11 September 2005

Behind the scenes in New Orleans

There's a lot of fulminating over FEMA's mishandling of the catastrophe in the Gulf Coast. I don't excuse it - didn't Michael Roberts say over that horrible weekend following the storm that they didn't know how bad things were until Thursday - excuse me?? - but I don't want to lose sight of Mayor Nagin's inexcusable stalling before issuing evacuation orders, leaving fleets of buses unused, then his and the Governor's inexplicable refusal to give the orders and permissions necessary to allow both public and private agencies into New Orleans afterwards.

When I read Christopher Cooper's front-page article in last Thursday's Wall Street Journal entitled "Old Line Families Escape Worse of Flood and Plot Future," I had a strong feeling that Cooper was putting down some very clear dots for his readers to connect.

Cooper set the stage by describing how the extremely rich had recourse to private helicopters, both for evacuation and for the delivery of supplies and small armies of private security guards. He painted the picture of people completely detached from the realities of the misery rampant after the storm. Then he got down to the interesting stuff about these privileged few:

Their social pecking order is dictated by the mysterious hierarchy of "krewes," groups with hereditary membership that participate in the annual carnival leading up to Mardi Gras. In recent years, the city's most powerful business circles have expanded to include some newcomers and non-whites, such as Mayor Ray Nagin, the former Cox Communications executive elected in 2002.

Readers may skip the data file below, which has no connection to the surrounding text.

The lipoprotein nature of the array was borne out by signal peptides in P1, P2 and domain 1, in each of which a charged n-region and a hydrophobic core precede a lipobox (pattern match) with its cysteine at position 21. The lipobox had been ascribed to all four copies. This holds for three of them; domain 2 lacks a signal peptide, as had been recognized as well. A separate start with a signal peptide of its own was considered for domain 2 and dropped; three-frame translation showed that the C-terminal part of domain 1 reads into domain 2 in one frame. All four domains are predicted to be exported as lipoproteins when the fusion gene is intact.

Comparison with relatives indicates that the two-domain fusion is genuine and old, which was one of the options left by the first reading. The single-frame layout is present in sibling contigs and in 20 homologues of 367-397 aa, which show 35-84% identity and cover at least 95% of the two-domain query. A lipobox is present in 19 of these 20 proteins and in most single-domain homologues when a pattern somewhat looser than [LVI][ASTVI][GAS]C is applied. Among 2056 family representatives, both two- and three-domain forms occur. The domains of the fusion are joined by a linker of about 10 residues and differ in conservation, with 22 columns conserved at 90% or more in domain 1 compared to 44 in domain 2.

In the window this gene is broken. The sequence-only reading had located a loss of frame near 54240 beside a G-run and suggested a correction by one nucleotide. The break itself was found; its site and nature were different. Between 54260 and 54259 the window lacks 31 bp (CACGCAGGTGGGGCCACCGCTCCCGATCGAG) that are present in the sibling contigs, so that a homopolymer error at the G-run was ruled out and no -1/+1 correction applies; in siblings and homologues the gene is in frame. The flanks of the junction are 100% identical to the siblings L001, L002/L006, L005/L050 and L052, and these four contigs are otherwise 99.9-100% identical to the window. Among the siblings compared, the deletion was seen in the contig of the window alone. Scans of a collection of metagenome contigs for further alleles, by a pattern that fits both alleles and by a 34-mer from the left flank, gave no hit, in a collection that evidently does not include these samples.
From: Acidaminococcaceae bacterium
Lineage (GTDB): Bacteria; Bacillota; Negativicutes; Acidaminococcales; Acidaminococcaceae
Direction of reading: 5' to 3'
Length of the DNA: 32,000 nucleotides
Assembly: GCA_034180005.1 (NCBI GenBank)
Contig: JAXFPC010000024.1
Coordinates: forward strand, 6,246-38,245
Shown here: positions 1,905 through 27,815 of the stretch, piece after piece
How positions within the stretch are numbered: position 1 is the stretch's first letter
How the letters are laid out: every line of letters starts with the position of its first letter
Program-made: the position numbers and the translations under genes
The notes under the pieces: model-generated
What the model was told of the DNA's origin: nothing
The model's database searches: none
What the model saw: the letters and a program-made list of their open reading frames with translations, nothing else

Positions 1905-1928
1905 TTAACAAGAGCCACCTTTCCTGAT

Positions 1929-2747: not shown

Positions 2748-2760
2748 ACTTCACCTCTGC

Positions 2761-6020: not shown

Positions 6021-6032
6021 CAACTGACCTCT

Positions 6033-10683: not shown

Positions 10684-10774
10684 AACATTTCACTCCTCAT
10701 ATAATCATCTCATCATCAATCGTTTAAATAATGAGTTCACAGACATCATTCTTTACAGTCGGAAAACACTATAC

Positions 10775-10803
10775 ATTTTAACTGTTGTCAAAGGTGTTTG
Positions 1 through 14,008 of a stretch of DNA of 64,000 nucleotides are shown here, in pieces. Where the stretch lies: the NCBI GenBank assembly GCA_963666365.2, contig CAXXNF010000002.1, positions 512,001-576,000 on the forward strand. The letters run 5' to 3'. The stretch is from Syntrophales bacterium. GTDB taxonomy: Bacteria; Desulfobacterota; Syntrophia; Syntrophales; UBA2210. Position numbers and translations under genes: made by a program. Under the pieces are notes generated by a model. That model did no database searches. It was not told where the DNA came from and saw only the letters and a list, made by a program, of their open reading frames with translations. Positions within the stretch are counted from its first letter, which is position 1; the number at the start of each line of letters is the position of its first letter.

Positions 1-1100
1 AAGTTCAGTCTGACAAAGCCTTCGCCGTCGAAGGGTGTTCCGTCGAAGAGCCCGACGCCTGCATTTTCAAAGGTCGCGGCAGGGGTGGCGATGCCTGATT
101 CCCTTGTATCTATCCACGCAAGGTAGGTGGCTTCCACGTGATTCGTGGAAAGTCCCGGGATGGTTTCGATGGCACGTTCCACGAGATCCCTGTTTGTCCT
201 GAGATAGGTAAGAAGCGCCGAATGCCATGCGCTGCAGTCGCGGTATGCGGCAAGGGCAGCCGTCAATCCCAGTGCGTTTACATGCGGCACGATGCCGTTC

Oh, really? How nice for him.

The article included quotes from James Reiss, who "became wealthy as a supplier of electronic systems to shipbuilders, and [he] serves in Mayor Nagin's administration as chairman of the city's Regional Transit Authority."

Hmm. Regional Transit Authority. Gee ... wonder if that includes, you know, buses?

Mr. Reiss and a number of the other "power elite" are already planning the rebuilding of NO, according to the article.
The new city must be something very different, Mr. Reiss says, with better services and fewer poor people. "Those who want to see this city rebuilt want to see it done in a completely different way: demographically, geographically and politically," he says. "I'm not just speaking for myself here. The way we've been living is not going to happen again, or we're out."

Not every white business leader or prominent family supports that view. Some black leaders and their allies in New Orleans fear that it boils down to preventing large numbers of blacks from returning to the city and eliminating the African-American voting majority.

Leading Democrats fear that the demographics of the city will change. Even though the city's government has been controlled by black politicians since the 70s, "(w)hite voters often act as a swing bloc, propelling blacks or Creoles into the city's top political jobs. That was the case with Mr. Nagin, who defeated another African American to win the mayoral election in 2002."

Christopher Cooper draws no conclusions from all this in his article, and neither will I, beyond noting that it seems inevitable New Orleans will be very different after it's rebuilt, not only because of all the new buildings and infrastructure. The article's on WSJ.com for another 85 days or so; I don't know if you need a subscription to access it, but it is fascinating, and worth a read.

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